Subject(s)
COVID-19/prevention & control , Fatty Acids, Omega-3/therapeutic use , Magnesium/therapeutic use , Noncommunicable Diseases/prevention & control , Vitamin D/therapeutic use , Zinc/therapeutic use , Aged , COVID-19/therapy , Cardiovascular Diseases/prevention & control , Cardiovascular Diseases/therapy , Cytokine Release Syndrome/therapy , Diabetes Mellitus/prevention & control , Diabetes Mellitus/therapy , Humans , Inflammation/therapy , Lung Diseases/prevention & control , Lung Diseases/therapy , Neoplasms/prevention & control , Neoplasms/therapy , Noncommunicable Diseases/therapy , Nutritional Status , SARS-CoV-2 , Vitamins/therapeutic use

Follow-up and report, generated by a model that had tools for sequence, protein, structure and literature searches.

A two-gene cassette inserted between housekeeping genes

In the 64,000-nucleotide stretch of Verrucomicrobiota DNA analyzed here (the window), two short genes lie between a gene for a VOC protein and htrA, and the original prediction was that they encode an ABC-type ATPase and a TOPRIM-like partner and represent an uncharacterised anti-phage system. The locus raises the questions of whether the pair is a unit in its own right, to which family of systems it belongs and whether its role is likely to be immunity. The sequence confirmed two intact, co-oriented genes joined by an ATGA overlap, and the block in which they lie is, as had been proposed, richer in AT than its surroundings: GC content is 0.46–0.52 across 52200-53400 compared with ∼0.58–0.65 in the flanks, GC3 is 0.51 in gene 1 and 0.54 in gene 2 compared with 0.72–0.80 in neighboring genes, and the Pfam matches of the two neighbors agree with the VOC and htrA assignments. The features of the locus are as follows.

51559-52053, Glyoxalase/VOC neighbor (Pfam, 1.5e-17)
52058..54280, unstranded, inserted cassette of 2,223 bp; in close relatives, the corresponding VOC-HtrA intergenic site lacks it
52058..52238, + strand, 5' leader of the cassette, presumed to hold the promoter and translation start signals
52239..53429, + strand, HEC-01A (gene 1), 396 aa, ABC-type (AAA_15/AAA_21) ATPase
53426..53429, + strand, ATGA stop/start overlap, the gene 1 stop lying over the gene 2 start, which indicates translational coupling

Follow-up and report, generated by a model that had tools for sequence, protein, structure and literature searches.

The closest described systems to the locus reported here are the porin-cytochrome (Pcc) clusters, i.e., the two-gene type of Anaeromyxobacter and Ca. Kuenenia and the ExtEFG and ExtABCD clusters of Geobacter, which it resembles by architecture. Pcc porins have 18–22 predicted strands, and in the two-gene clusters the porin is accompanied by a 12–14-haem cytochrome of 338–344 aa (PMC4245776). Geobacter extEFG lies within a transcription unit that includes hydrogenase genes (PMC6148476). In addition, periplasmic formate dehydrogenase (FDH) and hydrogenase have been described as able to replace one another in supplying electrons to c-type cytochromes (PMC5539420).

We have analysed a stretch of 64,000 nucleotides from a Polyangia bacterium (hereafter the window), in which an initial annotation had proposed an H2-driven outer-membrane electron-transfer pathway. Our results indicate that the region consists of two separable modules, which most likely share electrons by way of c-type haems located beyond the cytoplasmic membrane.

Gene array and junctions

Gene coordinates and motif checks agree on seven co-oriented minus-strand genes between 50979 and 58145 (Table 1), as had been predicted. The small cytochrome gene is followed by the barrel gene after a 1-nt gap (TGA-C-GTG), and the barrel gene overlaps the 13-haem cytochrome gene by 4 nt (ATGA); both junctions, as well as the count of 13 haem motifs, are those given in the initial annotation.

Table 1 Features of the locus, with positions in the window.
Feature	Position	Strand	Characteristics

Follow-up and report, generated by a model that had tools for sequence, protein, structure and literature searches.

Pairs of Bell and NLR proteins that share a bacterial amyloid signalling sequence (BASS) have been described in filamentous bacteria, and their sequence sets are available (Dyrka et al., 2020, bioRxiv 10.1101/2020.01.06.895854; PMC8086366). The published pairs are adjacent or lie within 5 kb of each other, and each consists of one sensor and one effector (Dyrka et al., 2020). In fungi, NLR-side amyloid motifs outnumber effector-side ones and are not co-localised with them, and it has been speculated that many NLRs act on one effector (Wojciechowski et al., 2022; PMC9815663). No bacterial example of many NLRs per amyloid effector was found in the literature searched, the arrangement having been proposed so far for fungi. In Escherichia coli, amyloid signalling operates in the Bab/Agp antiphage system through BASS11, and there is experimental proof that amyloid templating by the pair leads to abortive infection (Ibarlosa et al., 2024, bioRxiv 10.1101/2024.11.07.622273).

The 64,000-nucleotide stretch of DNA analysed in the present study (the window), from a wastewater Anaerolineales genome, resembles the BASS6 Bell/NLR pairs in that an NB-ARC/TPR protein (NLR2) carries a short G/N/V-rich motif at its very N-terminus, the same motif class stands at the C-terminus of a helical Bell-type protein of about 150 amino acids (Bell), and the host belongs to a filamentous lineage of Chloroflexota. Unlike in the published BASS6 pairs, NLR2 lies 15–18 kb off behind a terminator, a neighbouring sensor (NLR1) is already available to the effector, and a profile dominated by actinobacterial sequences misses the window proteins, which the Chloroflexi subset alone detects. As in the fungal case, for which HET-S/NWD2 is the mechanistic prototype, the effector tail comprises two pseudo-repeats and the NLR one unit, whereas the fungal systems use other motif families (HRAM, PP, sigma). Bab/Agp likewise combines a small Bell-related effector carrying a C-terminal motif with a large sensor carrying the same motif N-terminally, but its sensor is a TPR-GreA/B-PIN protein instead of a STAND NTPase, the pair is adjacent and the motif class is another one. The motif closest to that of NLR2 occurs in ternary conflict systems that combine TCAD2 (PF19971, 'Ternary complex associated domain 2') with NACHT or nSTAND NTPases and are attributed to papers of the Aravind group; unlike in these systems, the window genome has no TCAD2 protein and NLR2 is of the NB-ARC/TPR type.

16.
JCO Glob Oncol ; 7: 416-424, 2021 03.
Article in English | MEDLINE | ID: covidwho-1239918

ABSTRACT